The 28-year-old’s fortune plunged to $12 billion from $13.7 billion yesterday, according to the Bloomberg Billionaires Index. Shares of the world’s largest social-networking company sank as much as 17 percent after the company reported its second-quarter operating margin dropped from a year earlier and sales grew at the slowest pace on record. The shares were down 13.7 percent to $23.62 at 11:50 a.m. in New York.
“They are probably a little bummed out right now,” Herman Leung, an analyst at Susquehanna Financial Group, said in a telephone interview from his San Francisco office. “Facebook has to balance more of a fine line between delivering numbers for Wall Street and deciding how much monetization it’s going to push toward impacting its user base.”
The Menlo Park, California-based company was down 38 percent from its $38 offering price. Facebook raised $16 billion in its IPO, the largest ever for a technology firm. It is the worst-performing large initial public offering in the past decade.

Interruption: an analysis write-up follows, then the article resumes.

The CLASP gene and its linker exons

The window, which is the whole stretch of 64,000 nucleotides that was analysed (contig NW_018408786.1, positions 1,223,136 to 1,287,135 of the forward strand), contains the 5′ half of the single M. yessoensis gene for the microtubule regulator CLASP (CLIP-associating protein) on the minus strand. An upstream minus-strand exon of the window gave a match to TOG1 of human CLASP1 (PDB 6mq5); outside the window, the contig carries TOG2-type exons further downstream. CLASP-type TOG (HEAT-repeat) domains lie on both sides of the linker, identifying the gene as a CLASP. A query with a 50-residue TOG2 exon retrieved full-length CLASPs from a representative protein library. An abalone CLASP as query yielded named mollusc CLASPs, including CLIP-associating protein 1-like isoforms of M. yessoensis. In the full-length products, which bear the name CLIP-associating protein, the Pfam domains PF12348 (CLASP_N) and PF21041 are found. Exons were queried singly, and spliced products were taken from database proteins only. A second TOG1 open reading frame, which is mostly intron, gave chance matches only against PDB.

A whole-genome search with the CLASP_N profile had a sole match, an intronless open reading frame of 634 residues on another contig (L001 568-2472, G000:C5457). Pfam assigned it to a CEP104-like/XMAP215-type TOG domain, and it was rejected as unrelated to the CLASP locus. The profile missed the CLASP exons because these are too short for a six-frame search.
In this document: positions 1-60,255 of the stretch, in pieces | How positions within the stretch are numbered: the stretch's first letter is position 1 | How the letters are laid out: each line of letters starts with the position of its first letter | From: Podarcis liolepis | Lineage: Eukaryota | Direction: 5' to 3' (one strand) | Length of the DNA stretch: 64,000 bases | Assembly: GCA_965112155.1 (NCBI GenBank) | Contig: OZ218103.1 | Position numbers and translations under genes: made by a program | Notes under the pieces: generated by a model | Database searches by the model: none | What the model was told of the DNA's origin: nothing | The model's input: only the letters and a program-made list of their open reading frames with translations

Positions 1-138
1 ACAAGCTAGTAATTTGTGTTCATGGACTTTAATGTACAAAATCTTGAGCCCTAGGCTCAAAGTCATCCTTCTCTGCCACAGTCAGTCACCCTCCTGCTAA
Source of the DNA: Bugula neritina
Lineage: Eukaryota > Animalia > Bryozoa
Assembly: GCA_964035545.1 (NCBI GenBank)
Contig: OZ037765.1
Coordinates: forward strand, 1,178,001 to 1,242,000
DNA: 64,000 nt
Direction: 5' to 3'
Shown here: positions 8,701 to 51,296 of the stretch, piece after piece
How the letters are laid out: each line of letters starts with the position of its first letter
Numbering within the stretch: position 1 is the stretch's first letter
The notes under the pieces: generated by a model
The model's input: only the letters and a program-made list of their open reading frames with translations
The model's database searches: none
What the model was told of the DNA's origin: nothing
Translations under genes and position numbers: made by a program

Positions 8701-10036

Other Facebook shareholders have also taken a hit. Dustin Moskovitz, 28, who started the company with Zuckerberg from their dorm room at Harvard University, owns 133.7 million shares of the company’s Class B stock worth $3.2 billion, down $1.9 billion since the IPO.
Eduardo Saverin, 30, has a $1.3 billion stake, down $765 million since the offering. According to a regulatory filing dated May 17, he owns 53.1 million shares of the company.
Sean Parker owns 66 million Facebook shares valued at $1.6 billion. The 32-year-old persuaded Zuckerberg to move to California to focus on the company full-time in 2004.
Facebook’s chief operating officer, Sheryl Sandberg, 42, who was lured from Google in 2008, owns almost 16 million shares and vested restricted stock units, according to data compiled by Bloomberg. They are valued at $377 million, down $229 million since the IPO.
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